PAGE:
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Mohs micrographic surgery

Skin cancer - Mohs surgery; Basal cell skin cancer - Mohs surgery; Squamous cell skin cancer - Mohs surgery; Melanoma - Mohs surgery

Mohs micrographic surgery is a way to treat and cure certain skin cancers. Surgeons trained in the Mohs procedure can do this surgery. It allows skin cancer to be removed with less damage to the healthy skin around it.

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Description

Mohs surgery usually takes place in the doctor's office. The surgery is started early in the morning and is done in one day. Sometimes if the tumor is big or you need reconstruction, it may take two visits.

During the procedure, the surgeon removes the cancer in layers until all the cancer has been removed. The surgeon will:

Why the Procedure Is Performed

Mohs surgery can be used for most skin cancers, such as basal cell or squamous cell skin cancers.

Mohs surgery may be preferred when the skin cancer is on an area where:

Mohs surgery may also be preferred when:

Risks

Mohs surgery is generally safe. With Mohs surgery, you do not need to be put asleep (general anesthesia) as you would with other surgeries.

While rare, these are some risks for this surgery:

Before the Procedure

Your doctor will explain what you should do to prepare for your surgery. You may be asked to:

After the Procedure

Taking proper care of your wound after surgery will help your skin look its best. Your doctor will talk with you about your options:

Outlook (Prognosis)

Mohs surgery has a 99% cure rate in treating skin cancer.

With this surgery, the smallest amount of tissue possible is removed. You will have a smaller scar than you might have with other treatment options.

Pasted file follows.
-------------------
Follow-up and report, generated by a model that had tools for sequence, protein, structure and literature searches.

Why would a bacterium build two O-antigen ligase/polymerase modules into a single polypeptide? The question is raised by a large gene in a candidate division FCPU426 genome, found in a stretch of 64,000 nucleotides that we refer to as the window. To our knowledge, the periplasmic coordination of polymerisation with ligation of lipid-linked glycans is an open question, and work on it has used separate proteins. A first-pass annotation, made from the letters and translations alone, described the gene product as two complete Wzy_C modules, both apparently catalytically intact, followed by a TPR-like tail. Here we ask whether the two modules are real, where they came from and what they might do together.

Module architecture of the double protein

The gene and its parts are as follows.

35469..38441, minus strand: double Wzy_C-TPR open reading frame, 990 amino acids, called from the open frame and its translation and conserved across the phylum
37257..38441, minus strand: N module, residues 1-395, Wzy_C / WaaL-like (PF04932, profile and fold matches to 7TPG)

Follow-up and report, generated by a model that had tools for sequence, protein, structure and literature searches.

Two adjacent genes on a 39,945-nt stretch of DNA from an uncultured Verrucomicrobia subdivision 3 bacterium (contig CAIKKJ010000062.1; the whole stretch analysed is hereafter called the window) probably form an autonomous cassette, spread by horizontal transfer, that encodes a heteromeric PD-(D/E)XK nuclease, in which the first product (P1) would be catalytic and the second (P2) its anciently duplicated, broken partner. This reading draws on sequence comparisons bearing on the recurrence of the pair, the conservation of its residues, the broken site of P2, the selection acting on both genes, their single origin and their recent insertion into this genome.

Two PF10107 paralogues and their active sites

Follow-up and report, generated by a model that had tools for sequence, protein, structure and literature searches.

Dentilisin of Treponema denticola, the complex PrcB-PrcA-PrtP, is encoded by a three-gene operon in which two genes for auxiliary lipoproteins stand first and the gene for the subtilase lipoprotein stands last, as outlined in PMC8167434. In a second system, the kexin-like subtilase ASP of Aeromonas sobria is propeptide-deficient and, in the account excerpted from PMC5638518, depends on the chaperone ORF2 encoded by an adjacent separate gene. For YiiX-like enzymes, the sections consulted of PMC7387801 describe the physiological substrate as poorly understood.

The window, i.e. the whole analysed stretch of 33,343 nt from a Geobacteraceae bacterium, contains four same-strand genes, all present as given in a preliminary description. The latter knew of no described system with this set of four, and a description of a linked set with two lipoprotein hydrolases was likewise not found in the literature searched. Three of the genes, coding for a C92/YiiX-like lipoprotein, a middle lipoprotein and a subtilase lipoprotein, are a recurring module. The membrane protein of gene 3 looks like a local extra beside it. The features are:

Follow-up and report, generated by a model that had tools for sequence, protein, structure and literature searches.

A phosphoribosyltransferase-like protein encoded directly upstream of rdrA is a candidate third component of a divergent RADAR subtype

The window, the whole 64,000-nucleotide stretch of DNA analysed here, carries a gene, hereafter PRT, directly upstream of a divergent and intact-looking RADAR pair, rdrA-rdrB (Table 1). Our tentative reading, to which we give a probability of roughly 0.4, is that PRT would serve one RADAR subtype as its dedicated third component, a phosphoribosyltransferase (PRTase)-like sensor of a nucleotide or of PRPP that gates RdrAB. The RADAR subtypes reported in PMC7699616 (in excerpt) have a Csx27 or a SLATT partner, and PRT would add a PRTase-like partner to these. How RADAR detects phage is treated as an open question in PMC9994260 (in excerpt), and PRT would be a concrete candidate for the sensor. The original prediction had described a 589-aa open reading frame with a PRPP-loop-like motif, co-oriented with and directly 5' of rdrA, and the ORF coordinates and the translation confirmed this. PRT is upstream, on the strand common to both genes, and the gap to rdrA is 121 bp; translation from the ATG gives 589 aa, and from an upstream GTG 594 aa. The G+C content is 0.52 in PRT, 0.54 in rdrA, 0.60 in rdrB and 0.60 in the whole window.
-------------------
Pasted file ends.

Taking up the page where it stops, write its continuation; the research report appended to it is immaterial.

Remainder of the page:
References

Ad Hoc Task Force, Connolly SM, Baker DR, et al. AAD/ACMS/ASDSA/ASMS 2012 appropriate use criteria for Mohs micrographic surgery: a report of the American Academy of Dermatology, American College of Mohs Surgery, American Society for Dermatologic Surgery Association, and the American Society for Mohs Surgery. J Am Acad Dermatol. 2012;67(4):531-550. PMID: 22959232 www.ncbi.nlm.nih.gov/pubmed/22959232.

American College of Mohs Surgery website. The Mohs step-by-step process. www.mohscollege.org/for-patients/about-mohs-surgery/the-mohs-step-by-step-process. Updated March 2, 2017. Accessed Mar 2, 2021.

Lam C, Vidimos AT. Mohs micrographic surgery. In: Bolognia JL, Schaffer JV, Cerroni L, eds. Dermatology. 4th ed. Philadelphia, PA: Elsevier; 2018:chap 150.

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Review Date: 11/4/2020  

Reviewed By: Elika Hoss, MD, Senior Associate Consultant, Mayo Clinic, Scottsdale, AZ. Also reviewed by David Zieve, MD, MHA, Medical Director, Brenda Conaway, Editorial Director, and the A.D.A.M. Editorial team.

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